Thursday, February 13, 2014

Don't Send Us Your Resume!

At a small company where I work, we had a job opening about 9 months ago (it takes a bit of time to finish writing a blog post). We were looking for a software tester of a particular kind: one that can program. Automated testing is absolutely crucial in making maintainable, good quality software.

First attempt - FAIL.
We posted a normal ad first, and in two weeks we received almost a hundred CVs/resumes. The advertised position was a 3 month contract with a very good rate, and a chance of extending.

A side note:
Although both leading job search sites: and ask for resumes, in Australia, the terms "CV" - Curriculum Vitae and "resume" seem to be used interchangeably in this context. In the US it's usually "resume", in Europe - "CV". Australia takes words from both cultures. In the US a CV is usually a complete career history, and a resume is a short 1-2 page version of your CV tailored to the job you are applying for. Unless you are applying for a highly visible job, for example, a CEO of an international company, a university lecturer, or something similar, you should probably send your 1-2 page resume, not 7-9 page CV.

Back to the main story:

It took me a few days to go through the submissions and identify potential candidates. It was not something I would like to do again. Here is why:

1. CVs instead of resumes.
Some of the documents were very long: 7 to 9 pages. It would take me days or weeks to read everything carefully (7 x 100 = 700 pages), so I skimmed.

2. No cover letters.
Maybe a third of submissions had cover letters. Without a cover letter it is sometimes hard to determine if you are applying for a job with us, or if you submitted your resume by mistake. A short cover letter helps me get interested in your resume.

3. Missing information.
Many candidates did not include their address. I did not know if they were local or not. Many did not provide addresses (city, country) of their employers. I did not know which country they worked in. A few did not provide e-mail addresses or phone numbers.

4. Inappropriate information.
At that stage I am not interested in your visa or passport number, I assume you have the right to work in Australia if you are applying for a job in Australia, if not, please say so in your cover letter. You definitely should not include your picture, unless you are applying for a job as an actor, TV presenter, or a model. :-)

5. Language errors.
Good communication skills don't need to be advertised, they are self-evident. In some jobs they don't matter much, in others they are crucial, but a resume must not have glaring errors, and no, it is not enough to run a spellchecker.

6. Multiple submissions.
Not keeping track of where you applied and sending your resume twice for the same ad doesn't look good. It's not about quantity, it's about quality.

Initially, I planned on confirming every submission by e-mail, and then informing every candidate about their status, but after the first five I realised that I did not have time for that. Sorry. The reality is: if the employer is interested in you, they will probably contact you quite quickly. Some organisations take long though, weeks or even months.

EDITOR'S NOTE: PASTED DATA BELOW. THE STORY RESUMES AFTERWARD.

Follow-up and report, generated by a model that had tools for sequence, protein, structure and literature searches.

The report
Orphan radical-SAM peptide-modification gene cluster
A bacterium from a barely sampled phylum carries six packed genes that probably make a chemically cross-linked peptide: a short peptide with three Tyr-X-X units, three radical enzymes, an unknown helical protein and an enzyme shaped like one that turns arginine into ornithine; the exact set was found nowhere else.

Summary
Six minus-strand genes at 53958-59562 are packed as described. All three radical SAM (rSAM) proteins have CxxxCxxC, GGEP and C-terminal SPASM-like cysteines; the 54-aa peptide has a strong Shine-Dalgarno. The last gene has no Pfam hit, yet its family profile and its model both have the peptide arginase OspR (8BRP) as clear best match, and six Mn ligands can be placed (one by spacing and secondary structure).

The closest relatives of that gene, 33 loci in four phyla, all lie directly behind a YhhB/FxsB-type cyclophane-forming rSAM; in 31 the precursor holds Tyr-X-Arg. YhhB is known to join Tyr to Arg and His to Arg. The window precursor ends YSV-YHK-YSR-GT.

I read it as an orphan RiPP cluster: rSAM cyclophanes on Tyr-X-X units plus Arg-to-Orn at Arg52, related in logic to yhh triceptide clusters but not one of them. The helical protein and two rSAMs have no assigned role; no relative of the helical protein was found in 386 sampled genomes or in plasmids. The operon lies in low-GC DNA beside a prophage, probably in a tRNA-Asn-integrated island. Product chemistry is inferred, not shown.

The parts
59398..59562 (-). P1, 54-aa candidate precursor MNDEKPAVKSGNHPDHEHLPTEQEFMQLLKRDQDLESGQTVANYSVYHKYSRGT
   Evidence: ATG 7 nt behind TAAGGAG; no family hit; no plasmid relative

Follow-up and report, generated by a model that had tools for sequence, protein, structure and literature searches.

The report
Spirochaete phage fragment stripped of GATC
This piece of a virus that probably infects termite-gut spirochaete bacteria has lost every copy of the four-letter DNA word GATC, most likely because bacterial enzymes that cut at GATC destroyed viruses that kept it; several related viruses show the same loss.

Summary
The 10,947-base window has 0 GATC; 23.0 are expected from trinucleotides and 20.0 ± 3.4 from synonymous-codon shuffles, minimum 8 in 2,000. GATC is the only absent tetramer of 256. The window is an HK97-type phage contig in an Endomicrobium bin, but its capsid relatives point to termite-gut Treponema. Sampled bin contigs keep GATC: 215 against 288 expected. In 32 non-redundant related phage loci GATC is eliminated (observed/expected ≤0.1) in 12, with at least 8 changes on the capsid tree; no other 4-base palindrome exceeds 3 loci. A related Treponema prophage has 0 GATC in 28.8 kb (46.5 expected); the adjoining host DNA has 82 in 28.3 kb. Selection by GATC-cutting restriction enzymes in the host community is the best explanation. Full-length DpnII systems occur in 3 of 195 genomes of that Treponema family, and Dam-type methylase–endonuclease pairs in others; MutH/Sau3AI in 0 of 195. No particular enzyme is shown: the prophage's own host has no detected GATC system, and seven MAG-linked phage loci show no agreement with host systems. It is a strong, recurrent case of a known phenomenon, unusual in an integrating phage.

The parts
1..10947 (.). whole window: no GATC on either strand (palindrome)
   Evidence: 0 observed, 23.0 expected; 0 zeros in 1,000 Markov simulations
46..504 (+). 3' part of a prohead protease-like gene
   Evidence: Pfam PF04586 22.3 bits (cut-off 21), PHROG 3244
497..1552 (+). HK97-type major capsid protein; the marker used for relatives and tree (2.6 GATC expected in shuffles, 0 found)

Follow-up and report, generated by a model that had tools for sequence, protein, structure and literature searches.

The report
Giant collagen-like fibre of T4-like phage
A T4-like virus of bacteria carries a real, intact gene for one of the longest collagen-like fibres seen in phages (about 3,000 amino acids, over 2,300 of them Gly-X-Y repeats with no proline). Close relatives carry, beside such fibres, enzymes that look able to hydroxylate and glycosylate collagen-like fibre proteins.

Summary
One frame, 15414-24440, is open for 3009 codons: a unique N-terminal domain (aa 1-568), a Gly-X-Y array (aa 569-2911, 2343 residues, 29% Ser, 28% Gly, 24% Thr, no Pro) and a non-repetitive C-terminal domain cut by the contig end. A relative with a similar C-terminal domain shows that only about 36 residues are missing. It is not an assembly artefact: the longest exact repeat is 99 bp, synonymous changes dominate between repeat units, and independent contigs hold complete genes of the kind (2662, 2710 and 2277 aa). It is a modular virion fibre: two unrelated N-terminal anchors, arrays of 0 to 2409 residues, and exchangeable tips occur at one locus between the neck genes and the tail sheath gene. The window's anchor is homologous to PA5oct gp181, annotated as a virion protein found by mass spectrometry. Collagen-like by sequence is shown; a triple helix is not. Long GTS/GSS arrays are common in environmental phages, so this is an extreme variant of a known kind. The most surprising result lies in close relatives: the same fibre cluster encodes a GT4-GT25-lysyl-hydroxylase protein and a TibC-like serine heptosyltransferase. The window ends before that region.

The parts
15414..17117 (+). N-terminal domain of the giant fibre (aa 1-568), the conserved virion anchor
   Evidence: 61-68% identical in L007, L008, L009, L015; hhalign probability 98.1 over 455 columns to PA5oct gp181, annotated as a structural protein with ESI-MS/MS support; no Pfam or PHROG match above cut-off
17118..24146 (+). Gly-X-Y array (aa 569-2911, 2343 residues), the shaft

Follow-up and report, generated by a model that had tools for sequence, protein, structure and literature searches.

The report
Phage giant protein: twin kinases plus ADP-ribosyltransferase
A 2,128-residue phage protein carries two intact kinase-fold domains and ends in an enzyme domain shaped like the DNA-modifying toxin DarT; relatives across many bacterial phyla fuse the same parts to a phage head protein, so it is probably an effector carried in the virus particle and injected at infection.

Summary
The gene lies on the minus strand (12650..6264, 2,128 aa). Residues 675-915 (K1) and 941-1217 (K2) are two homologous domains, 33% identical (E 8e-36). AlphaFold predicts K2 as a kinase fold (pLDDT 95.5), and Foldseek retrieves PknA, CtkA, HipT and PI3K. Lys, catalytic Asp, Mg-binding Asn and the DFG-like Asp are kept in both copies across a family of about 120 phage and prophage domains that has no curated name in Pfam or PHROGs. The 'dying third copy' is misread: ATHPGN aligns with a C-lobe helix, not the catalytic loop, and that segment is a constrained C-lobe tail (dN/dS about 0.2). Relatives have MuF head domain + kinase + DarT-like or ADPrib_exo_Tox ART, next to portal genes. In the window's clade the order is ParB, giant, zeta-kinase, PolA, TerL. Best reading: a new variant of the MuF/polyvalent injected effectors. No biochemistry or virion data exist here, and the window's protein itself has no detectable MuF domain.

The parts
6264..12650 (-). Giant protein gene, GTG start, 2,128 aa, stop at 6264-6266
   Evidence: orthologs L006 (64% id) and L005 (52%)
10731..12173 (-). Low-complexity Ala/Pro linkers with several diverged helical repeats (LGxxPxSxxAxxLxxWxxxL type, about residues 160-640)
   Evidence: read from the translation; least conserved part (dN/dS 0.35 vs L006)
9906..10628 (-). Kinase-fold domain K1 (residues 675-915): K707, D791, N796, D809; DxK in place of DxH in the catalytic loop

From the 100 candidates we selected 10. We asked them to complete a simple programming task in Sikuli and Robot Framework. At home. Time given: we were prepared to wait a few days.

Only one candidate completed the task, but not very well, half of the code worked, the other half had a sneaky bug that made it look like it worked, but in reality it didn't. We still would consider that candidate, but he was not readily available - he was in India, and he had other commitments at that time - we needed someone quickly. The others, well, the main excuses were: "the task is too hard", and "I had no experience with that technology" -  the technology was listed in the ad, so there was time to check it out, and we did not require being a master in it. Quite the opposite, we assumed no candidate worked with it before. One candidate misunderstood instructions, couldn't do it, and then started whinging. That's probably the worst you can do. Positive "can do" attitude, courtesy, and ability to learn quickly are very important.

Second attempt - PASS.
My project manager is a bit of a cowboy sometimes (the "quick on the trigger" type), so seeing that the first ad, prepared carefully by our boss, was not working, he took a risk, wrote another ad, and using his own money posted it. The new ad's headline?

"Don't Send Us Your Resume!"

The ad asked candidates to NOT send their resumes, but instead it had a link to the programming task. That obviously did not stop a few people from sending their resumes. Seriously, sending your resume off without reading the ad carefully, doesn't increase your chances of finding a job. It just shows your carelessness.

After two days we had the first submission, by a local software engineering student looking for a part time job. A few days later, we had another, by a French software developer who was on a working holiday visa, working on a farm nearby. Both started working with us within days, and they are still with us 9 months later.

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